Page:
Those Kids (You Know the Ones I Mean)
If you teach high school, you have students who either try to disappear into the back or who think they are The Fonz reincarnated. Almost certainly, the dark secret they desperately try to hide is that they can't read.
They are too busy, have to work, are too tired, don't care, school is stupid—but the truth is they can't read and comprehend high school level texts.
High School Teachers Don’t Have Time to Teach Reading
These non-readers may be dyslexic or English language learners. They may be autistic or have a hearing or processing disorder that impeded reading. The intensive one-on-one instruction they need to become competent readers simply isn't going to happen at this stage in school. If it were an option, they would have already done it.
As a high school teacher, you have neither the time nor the training to tackle this issue, right?
So—Are These Kids Doomed?
It's not a pretty picture—the school-to-prison pipeline is a reality for many such students. By high school, school has battered their self-esteem and hope. They've been called lazy and stupid, and by now, they believe it. They live in survival mode, lashing out at a world that seems vastly unfair.
Why do other students easily succeed at impossible assignments? It's worst for the self-aware, creative students who are fully aware of how badly their work compares to classmates. I've heard many students say they prefer to fail rather than turn in work that embarrasses them.
When a teacher says, "He could do it if he tried; he's very smart," that's a clue there's a reading disability of some sort. But what can you do?
The Classroom from Hell
My friend and colleague, Vicki, asked her principal for one class period a day for a year with all the students who were failing so badly they would not graduate. She wanted to try something I'd suggested.
The administration thought she'd lost her marbles. She usually teaches AP English and journalism classes. She's a master teacher with thirty-plus years of experience. What was she thinking? But they figured they could let her do her experiment—she’s very persuasive.
It’s All About Technology Tools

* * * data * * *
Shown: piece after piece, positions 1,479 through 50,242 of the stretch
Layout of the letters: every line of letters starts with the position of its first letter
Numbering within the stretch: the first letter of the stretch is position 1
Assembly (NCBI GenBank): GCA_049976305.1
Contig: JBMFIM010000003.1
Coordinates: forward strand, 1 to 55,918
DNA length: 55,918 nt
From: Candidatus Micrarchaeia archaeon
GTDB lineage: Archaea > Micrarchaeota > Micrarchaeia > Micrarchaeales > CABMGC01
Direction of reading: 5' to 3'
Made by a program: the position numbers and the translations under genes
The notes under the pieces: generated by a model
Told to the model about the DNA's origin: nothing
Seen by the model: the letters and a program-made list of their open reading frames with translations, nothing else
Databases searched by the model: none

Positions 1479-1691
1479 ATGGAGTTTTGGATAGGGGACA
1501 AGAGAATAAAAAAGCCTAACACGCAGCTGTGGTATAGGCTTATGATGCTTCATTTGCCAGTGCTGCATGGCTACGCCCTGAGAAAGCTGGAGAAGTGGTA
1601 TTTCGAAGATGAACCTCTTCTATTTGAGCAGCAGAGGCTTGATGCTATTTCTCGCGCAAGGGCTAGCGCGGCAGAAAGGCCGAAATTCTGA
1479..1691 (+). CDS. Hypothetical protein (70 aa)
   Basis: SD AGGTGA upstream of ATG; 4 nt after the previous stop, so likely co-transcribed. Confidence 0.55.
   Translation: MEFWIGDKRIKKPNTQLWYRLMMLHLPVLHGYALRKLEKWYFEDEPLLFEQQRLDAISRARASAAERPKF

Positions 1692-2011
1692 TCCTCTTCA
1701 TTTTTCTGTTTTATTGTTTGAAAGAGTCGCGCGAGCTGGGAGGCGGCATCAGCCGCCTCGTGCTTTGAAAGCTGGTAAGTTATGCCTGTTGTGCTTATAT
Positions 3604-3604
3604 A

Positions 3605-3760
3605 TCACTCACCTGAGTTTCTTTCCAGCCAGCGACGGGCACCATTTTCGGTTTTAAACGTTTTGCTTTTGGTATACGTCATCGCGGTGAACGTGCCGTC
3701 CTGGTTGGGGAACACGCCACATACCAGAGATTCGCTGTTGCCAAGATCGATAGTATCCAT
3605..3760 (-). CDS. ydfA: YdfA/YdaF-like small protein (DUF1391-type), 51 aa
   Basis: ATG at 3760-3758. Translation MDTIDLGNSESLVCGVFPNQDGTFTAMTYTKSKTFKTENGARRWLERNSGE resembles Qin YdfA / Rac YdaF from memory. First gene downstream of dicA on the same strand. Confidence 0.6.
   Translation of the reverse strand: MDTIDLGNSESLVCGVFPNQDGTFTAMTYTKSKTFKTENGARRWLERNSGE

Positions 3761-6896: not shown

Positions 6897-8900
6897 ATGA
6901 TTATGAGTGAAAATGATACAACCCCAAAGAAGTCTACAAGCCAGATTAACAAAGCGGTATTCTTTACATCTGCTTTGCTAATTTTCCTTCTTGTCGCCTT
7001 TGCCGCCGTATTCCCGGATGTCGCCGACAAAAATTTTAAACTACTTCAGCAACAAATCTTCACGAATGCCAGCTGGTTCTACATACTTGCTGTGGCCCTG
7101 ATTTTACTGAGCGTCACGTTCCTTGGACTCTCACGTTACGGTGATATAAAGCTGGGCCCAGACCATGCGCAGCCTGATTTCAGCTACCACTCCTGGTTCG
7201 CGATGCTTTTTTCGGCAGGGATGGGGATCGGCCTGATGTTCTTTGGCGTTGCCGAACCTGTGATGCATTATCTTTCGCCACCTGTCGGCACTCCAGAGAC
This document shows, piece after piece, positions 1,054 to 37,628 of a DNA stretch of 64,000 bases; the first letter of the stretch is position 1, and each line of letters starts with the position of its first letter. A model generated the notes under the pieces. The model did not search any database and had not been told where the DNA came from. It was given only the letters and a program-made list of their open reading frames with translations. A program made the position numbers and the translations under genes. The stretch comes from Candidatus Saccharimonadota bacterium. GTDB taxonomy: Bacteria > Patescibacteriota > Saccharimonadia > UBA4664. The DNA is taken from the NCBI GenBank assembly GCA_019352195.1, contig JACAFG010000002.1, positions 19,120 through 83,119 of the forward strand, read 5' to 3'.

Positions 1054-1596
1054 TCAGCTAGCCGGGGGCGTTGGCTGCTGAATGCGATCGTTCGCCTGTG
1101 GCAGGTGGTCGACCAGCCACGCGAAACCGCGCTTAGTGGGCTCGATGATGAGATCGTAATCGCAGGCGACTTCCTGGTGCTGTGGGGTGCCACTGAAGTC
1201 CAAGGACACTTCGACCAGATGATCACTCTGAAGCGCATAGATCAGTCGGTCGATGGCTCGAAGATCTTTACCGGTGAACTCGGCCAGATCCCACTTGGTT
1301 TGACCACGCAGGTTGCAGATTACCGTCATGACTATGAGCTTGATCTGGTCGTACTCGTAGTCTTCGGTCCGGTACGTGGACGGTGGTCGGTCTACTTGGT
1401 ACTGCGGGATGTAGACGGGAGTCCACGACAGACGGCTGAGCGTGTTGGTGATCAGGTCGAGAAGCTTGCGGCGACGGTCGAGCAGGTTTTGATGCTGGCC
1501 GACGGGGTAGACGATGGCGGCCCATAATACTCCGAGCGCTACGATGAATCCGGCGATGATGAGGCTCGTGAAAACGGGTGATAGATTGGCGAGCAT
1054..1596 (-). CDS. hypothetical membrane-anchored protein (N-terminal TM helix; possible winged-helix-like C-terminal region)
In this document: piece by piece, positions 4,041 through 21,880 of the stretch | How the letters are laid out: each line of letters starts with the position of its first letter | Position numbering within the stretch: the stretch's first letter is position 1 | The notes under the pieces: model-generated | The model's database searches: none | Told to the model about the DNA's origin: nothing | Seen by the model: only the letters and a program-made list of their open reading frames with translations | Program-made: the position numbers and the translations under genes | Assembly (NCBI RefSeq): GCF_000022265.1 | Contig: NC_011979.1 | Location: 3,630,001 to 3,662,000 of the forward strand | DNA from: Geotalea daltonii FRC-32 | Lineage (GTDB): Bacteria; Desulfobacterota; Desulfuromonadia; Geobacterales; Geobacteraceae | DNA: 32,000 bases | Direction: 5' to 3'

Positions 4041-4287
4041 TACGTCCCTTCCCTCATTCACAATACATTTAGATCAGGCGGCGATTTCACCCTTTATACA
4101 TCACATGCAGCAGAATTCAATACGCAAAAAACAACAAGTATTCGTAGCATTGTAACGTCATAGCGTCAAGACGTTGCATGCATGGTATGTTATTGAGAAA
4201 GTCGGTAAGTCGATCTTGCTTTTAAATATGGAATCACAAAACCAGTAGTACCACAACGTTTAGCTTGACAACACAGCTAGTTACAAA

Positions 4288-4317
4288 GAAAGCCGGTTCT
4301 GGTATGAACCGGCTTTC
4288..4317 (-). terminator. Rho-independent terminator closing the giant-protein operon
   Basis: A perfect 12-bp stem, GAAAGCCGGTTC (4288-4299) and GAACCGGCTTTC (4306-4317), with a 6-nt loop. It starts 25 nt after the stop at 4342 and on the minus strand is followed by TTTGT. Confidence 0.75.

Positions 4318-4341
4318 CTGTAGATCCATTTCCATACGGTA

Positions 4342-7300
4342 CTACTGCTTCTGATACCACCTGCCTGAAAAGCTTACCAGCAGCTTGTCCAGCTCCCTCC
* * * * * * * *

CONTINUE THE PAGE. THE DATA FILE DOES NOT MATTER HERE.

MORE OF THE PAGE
Vicki didn't try to teach these kids to read. She talked with them about how they felt at school, probing to find out their strengths—where did they experience success? She asked about their daydreams and aspirations.
She told them about her three brothers who have dyslexia and found school nearly intolerable—but who were successful business owners. She told them she would give them a key to make those dreams possible.
They didn't believe her. Then she asked them to take out their phones. If a kid didn't have one (rare), she put them at a computer.
She argued with the principal about those grades, and she won—told you she’s persuasive!
Here’s What Happened
Over half of that class graduated. Kids from that class still email her to tell her they just landed a job, or they just got their GED, or they now read to their kids. Vicki continued doing one “class from hell” every year until she retired.
She also started incorporating text-to-speech, speech-to-text, and audio tracking into every class she taught. By making technology tools part of the assignments, she freed her non-readers to participate fully.
Best of all, EVERY student gained important skills to use in their lives beyond high school.
It Doesn’t Matter What Subject You Teach; You Can Help “Those Kids”
A class session devoted to technology encourages students to help each other find ways to make "homework easier and reading more fun," changing the game for non-readers.
Not a techy yourself? No problem. Recruit tech-savvy students to teach and sit in the back of the class. You'll probably learn some very cool stuff. I've found it works great if different students share tech tools they've seen in a regular 10-minute mini-lesson every Friday.
They'll soon compete to find the best tools and take great satisfaction in sharing them.
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